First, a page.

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Mandatory reporting of two new variables in Intrastat reporting for dispatches of goods

Updated: Nov 17, 2021

Regulation (EU) 2019/2152 of the European Parliament and of the Council of November 27th, 2019, on European business statistics introduces mandatory exchange of microdata among European Union Member States. The regulation stipulates reporting of two additional elements for supplies of goods within EU (dispatches) along with already prescribed data. New elements to be reported for dispatches are:

  • VAT ID number of the partner in the Member State of acquisition of goods within EU (recipient of goods):

ID partner is national VAT identification number of the trading partner in another EU Member State to whom the goods from Slovenia were dispatched to (recipient of goods) and not ID for VAT of the buyer to whom the invoice was issued for those goods (there are exceptions for special cases, i.e. triangular trade, consignment stock, supplies to own distribution warehouse, processing, supplies to natural persons, cases when the recipient’s VAT ID number is not known);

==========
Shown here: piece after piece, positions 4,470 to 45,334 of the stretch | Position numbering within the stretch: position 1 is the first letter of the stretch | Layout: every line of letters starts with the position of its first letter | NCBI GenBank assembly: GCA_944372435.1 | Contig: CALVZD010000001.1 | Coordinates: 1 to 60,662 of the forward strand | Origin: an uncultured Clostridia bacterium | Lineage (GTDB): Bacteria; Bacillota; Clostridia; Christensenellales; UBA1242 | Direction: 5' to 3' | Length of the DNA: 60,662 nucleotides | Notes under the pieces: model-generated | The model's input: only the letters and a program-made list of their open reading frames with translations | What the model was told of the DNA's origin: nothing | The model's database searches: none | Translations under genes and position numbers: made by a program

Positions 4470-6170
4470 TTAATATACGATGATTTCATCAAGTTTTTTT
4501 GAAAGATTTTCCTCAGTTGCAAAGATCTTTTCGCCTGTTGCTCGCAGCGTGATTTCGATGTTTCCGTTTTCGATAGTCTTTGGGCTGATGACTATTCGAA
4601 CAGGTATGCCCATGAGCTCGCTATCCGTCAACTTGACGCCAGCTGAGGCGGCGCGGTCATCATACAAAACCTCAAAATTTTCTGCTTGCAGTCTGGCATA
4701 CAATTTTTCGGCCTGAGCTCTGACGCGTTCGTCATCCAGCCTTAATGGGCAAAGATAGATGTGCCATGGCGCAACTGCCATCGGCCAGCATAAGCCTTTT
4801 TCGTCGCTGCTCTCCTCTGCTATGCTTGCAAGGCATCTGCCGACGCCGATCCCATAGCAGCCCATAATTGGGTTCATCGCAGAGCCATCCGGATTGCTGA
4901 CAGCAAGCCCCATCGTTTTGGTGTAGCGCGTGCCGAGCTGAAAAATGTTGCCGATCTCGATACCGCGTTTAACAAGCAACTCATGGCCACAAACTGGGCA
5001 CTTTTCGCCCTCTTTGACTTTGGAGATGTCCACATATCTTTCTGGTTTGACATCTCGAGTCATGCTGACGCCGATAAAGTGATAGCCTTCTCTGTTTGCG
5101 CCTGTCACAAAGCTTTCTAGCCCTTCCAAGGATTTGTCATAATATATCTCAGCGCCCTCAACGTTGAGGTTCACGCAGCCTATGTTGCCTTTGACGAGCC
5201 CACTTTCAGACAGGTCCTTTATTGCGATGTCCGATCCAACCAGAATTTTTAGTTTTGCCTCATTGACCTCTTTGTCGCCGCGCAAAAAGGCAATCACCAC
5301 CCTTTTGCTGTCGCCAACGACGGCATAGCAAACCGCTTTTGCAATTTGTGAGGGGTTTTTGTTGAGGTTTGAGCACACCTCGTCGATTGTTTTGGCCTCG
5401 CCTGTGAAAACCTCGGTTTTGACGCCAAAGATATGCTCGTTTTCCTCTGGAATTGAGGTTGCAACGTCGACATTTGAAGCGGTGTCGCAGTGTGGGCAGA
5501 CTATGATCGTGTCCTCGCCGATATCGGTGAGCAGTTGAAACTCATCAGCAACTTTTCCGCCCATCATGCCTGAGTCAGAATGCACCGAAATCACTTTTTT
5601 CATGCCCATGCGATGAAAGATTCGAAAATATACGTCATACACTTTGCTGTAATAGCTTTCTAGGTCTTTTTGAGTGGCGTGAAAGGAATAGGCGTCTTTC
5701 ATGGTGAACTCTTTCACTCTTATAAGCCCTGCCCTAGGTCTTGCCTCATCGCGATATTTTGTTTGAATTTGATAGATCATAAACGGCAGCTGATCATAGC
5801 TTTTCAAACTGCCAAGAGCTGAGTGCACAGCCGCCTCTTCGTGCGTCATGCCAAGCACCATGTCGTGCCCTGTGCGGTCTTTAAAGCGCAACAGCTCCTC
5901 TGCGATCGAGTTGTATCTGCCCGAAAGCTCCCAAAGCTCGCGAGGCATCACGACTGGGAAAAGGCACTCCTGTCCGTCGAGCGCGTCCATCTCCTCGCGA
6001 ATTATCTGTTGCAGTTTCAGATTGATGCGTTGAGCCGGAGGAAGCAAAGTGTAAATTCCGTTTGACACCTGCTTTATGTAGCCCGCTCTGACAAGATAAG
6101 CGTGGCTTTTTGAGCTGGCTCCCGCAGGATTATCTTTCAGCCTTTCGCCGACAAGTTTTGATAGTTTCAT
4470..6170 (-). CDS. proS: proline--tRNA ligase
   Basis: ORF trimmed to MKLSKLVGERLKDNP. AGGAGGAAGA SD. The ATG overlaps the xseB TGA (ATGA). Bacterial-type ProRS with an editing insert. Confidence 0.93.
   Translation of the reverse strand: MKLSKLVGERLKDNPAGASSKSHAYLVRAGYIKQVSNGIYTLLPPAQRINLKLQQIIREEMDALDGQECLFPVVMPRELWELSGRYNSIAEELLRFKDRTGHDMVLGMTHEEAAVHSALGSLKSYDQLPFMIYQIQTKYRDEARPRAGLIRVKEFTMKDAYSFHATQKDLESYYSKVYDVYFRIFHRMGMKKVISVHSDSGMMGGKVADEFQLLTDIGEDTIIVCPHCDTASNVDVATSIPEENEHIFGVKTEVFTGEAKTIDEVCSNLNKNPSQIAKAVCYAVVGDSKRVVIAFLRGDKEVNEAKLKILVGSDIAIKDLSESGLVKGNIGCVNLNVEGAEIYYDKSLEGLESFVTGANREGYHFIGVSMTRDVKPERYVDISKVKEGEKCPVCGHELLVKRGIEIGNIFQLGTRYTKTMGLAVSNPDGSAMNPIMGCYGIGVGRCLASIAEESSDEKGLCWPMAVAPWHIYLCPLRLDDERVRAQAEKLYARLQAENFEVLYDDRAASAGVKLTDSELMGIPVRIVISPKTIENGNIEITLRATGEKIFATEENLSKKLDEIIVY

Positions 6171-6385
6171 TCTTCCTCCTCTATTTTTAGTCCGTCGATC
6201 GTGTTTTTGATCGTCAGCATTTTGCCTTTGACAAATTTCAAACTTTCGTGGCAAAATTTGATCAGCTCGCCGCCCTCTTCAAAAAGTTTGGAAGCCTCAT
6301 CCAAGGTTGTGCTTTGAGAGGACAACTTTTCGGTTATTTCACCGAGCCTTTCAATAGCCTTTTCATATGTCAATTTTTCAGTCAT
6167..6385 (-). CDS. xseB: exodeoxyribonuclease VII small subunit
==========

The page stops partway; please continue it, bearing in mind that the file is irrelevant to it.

• country of origin of the goods:

This field is currently mandatory for arrivals of goods, whereas for dispatches of goods the completion of this field will become mandatory starting with 2022. The country of origin is the country in which the goods were produced. If several countries participated in the production of the goods, the code of the country in which the last important phase of the production process was carried out (manufacture, composition, processing, modification, etc.) should be entered.

The provisions shall apply from January 1st, 2022. Online Intrastat application already enables companies to report new data elements on a voluntary basis and for testing purposes; however, as of January 2022 reporting of new elements will become mandatory.

This document (and all information accessed through the links in this document) is for informational purposes only and cannot be considered as legal advice. The facts stated therein may have changed since the date of publication. You should seek legal advice before taking any possible action.

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